Shortly after I published last week’s post on State v. Babich, an astute reader asked about the court’s harmless error analysis. How, he inquired, could the improper admission of expert testimony that the defendant had an alcohol concentration of 0.08 be harmless error? Did the jury’s verdict indicate that it found the defendant guilty only under the “under the influence” prong of impairment rather than under the “alcohol concentration of 0.08 or more” prong? To answer these questions, I had to dig into the record on appeal and provide a bit of background on the requirement for jury unanimity in DWI cases. I thought others might be interested in my response.
Review. A person commits the offense of driving while impaired if she (a) drives, (b) a vehicle, (c) on a street, highway, or public vehicular area, (d) while impaired. G.S. 20-138.1(a). The State may establish impairment in any one of three ways: by proving that the defendant drove (1) while under the influence of an impairing substance; (2) after having consumed sufficient alcohol that she has, at any relevant time after the driving, an alcohol concentration of 0.08 or more; or (3) with any amount of a Schedule I controlled substance or its metabolites in her blood or urine.
Charging DWI. When charging a defendant with the misdemeanor offense of driving while impaired, the State is not required to allege its theory of impairment. A pleading is sufficient if it states the time and place of the offense and charges that the defendant drove a vehicle on a highway or public vehicular area while subject to an impairing substance. G.S. 20-138.1(c).
Instructing the jury. The pattern jury instruction for misdemeanor impaired driving calls for the judge to instruct the jury about each prong of impairment that is supported by the evidence. Thus, the judge in Babich told the jury that the State was required to prove that the defendant was “under the influence of an impairing substance” or “had an alcohol concentration of 0.08 or more.” Record on Appeal at 43-44. The jury returned a general verdict, finding Babich “Guilty [of] driving while impaired.” Id. at 50. The jury was not asked to specify which under which prong of impairment the State met its burden.
Unanimity requirement. The North Carolina Supreme Court in State v. Oliver, 343 N.C. 202 (1996), rejected the notion that jurors must be unanimous as to the nature of the defendant’s impairment. The court reasoned that G.S. 20-138.1 proscribes “the single offense of driving while impaired,” which may be proven in more than one way. Id. at 214. Regardless of whether some jurors found that the defendant was under the influence of an impairing substance while others found that his alcohol concentration was 0.08 or more, the Oliver court explained that the significant fact was that jurors unanimously found the defendant guilty of the single offense of impaired driving. Id. at 215.
Harmless error. As I noted last week, the Babich court determined that the improper admission of the expert testimony on retrograde extrapolation did not prejudice the defendant. The court cited as support State v. Taylor, 165 N.C. App. 750 (2004), a case holding that the trial court did not err by admitting expert testimony on retrograde extrapolation. The Taylor court went on to say that even if the trial court had erred by admitting the testimony, the error was not prejudicial in light of other evidence that the defendant was under the influence of an impairing substance. The Babich court recited the following evidence in support of its conclusion that there was no reasonable possibility that the jury would have reached a different result absent the impermissible testimony:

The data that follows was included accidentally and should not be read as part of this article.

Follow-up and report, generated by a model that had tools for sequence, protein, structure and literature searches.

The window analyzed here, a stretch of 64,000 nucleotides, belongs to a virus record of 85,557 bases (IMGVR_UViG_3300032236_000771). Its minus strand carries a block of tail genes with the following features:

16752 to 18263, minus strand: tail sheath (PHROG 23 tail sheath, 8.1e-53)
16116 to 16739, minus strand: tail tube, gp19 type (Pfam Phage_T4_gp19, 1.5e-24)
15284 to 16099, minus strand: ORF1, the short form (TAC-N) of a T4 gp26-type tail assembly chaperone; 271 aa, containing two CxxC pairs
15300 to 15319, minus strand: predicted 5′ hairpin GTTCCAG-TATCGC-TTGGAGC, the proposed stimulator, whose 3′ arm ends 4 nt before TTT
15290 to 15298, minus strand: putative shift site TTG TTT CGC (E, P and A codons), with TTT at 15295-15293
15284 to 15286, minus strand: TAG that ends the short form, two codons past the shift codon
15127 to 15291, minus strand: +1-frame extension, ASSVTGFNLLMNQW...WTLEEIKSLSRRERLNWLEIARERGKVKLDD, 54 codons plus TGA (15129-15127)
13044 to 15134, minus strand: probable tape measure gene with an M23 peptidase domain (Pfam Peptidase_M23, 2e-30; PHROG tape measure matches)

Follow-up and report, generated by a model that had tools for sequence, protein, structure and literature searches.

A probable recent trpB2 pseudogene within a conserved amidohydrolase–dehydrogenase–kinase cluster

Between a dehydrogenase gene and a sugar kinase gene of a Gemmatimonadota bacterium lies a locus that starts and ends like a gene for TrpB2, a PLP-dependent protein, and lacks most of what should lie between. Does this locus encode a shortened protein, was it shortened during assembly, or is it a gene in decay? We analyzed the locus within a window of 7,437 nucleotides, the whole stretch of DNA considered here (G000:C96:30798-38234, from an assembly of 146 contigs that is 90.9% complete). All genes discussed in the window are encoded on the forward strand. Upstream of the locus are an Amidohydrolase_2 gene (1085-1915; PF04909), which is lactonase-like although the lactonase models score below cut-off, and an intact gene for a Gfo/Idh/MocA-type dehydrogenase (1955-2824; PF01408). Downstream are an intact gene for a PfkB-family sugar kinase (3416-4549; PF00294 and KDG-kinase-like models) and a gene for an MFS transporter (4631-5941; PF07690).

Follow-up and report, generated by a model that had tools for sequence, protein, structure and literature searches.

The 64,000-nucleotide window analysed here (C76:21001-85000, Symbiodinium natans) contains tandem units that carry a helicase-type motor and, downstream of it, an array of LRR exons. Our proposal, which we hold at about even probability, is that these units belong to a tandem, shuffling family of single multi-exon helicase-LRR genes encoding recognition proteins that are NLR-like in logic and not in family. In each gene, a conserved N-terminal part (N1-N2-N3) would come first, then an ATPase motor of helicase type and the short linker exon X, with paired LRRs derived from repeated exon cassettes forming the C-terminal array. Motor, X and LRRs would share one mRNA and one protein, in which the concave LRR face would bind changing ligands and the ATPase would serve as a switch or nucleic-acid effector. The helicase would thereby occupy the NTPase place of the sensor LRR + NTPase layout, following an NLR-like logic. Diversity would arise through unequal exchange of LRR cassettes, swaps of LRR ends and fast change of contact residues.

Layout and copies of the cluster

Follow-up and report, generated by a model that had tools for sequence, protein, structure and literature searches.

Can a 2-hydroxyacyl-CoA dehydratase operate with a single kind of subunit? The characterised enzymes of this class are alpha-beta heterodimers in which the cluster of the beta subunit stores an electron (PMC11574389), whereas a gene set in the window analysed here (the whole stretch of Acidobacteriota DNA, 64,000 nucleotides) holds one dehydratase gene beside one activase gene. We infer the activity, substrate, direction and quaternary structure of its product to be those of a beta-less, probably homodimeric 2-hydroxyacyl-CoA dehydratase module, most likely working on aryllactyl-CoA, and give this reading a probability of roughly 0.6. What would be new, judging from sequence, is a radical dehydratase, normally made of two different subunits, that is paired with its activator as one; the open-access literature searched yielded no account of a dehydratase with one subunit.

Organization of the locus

- Babich drove 80 miles per hour while approaching a red light and then drove through the red light at about 45 miles per hour;
- An officer smelled alcohol on Babich’s breath;
- Babich had glazed and bloodshot eyes and stumbled as she walked;
- Babich ignored the officer’s instructions and repeatedly talked over him; and
- Babich performed poorly on field sobriety tests.
I think reasonable minds could differ about this conclusion. There is no question that there was significant evidence of Babich’s impairment aside from the retrograde extrapolation result. Yet the court’s conclusion that the jury’s verdict was not influenced by expert testimony establishing the per se prong of impairment certainly runs afoul of conventional wisdom regarding the most probative evidence of impairment. Indeed, the Babich court did not cite another similar case, State v. Roach, 145 N.C. App. 159 (2001), in which the court reversed the defendant’s DWI conviction based on concern that the jury may have based its verdict on chemical analysis results that were improperly admitted. The court in Roach determined that while there was sufficient evidence from which the jury could convict the defendant under the under the influence prong of the DWI statute, “the jury was given only two options on the verdict sheet, to find defendant ‘guilty of driving while impaired,’ or to find defendant ‘not guilty.’” Id. Thus, it was “not possible to tell whether the jury found defendant guilty based on his blood alcohol concentration level or due to the appreciable impairment of his faculties.” Id.